This is part 2 of 3 on the identity crisis of “trial consultants” and this is where the crisis becomes more problematic. When I meet attorneys and mention that I’m a trial consultant, many “get it” – they understand, especially if they have ever hired one of us. But, some attorneys who have hired trial consultants in preparation for trial fail to consider that hiring a trial consultant is of benefit when they desire to arbitrate their case or settle a case in mediation. End clients, even professional end clients like insurance adjusters, sometimes have this same mental roadblock. They say, “I don’t need to hire you because I’m not going to trial. I settle my cases at mediation…” This, somewhat ridiculous, point has been the subject of other posts, but the comment is an indication that the lawyer or end client does not conceptualize the crucial role of trial consultants well before a trial. Just because we are called “trial consultants” does not mean we are not valuable in helping get a case ready for arbitration or resolved in a mediation. Often, our role is to provide a benchmark for measuring a good settlement, or to provide a reality check to the parties involved (plaintiffs or defendants). Trial consultants help the parties achieve the best possible outcome regardless of the forum: arbitration, mediation, or trial. The names by which we are called, whether we are called as “trial” or “jury” consultant, is not fully indicative of our work – thus, the identity crisis. Call us what you want; just call us.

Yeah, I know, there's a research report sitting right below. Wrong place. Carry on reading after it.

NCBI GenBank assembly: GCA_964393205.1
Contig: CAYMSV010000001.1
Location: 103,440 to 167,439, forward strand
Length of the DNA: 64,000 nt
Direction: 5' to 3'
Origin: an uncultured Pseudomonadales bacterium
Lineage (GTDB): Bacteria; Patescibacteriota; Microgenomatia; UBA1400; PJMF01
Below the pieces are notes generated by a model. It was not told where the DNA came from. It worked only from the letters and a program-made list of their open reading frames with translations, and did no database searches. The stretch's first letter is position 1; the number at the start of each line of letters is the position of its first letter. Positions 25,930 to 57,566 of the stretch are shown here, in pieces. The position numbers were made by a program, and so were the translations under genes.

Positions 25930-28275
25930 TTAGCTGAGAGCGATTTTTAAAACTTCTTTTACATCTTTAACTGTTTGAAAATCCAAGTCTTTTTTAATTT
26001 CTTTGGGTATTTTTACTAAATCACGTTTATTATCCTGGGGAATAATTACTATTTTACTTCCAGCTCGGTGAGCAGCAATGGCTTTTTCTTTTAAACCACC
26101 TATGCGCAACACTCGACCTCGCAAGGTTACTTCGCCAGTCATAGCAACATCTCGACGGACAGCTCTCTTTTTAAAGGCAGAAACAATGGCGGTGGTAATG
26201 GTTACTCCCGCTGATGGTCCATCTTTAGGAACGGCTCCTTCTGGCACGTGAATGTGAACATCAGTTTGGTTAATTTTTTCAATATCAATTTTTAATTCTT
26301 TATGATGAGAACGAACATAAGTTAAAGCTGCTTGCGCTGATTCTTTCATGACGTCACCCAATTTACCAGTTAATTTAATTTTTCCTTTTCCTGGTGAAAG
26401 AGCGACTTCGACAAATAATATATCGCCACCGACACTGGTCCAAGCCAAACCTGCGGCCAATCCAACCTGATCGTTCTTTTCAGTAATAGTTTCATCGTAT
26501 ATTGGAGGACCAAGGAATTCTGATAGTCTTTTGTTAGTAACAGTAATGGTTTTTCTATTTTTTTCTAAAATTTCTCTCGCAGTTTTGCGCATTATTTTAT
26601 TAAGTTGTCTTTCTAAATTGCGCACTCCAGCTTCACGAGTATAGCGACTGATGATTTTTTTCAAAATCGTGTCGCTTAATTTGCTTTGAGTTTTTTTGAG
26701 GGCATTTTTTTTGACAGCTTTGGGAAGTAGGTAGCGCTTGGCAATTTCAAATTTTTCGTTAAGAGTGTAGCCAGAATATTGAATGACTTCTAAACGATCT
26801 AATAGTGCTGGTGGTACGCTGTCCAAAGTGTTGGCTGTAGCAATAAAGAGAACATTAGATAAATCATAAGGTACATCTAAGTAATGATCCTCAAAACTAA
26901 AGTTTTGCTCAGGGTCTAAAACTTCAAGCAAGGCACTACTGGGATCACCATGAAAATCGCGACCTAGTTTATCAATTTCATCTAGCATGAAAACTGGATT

David mentions attorneys who don’t “get it” when it comes to understanding the valuable role of trial consultants in the litigation process. In my opinion, many attorneys who don’t get it actually do not want to get it; that is, they are fearful we will expose their weaknesses to their clients. Many attorneys wrongly believe they know everything there is to know about litigation and further, they believe they know more about our area of expertise than we do. That may be true when it comes to some of our unqualified and uneducated competitors, but it usually doesn’t take long for most attorneys to realize I know a lot more about human nature, decision making, and group behavior than they can ever hope to know. The fact that a particular case will not ever go to trial is an irrelevant factor in the decision to retain an expert on human behavior. Mediators, while they are supposed to remain neutral, are people and just like people of all types, mediators have inherent views of the world, not to mention biases, that affect their judgment during the mediation process. Failing to prepare one’s case properly prior to mediation is a dangerous proposition. When a prospective client tells me that my expertise is not needed because the case is likely to settle during mediation, I usually ask him or her, absent a benchmark such as pre mediation research (with mediators or mock jurors), how they know whether their resolution of the case is the best result for their client. Their answer to my question is often, as you may have guessed, silence.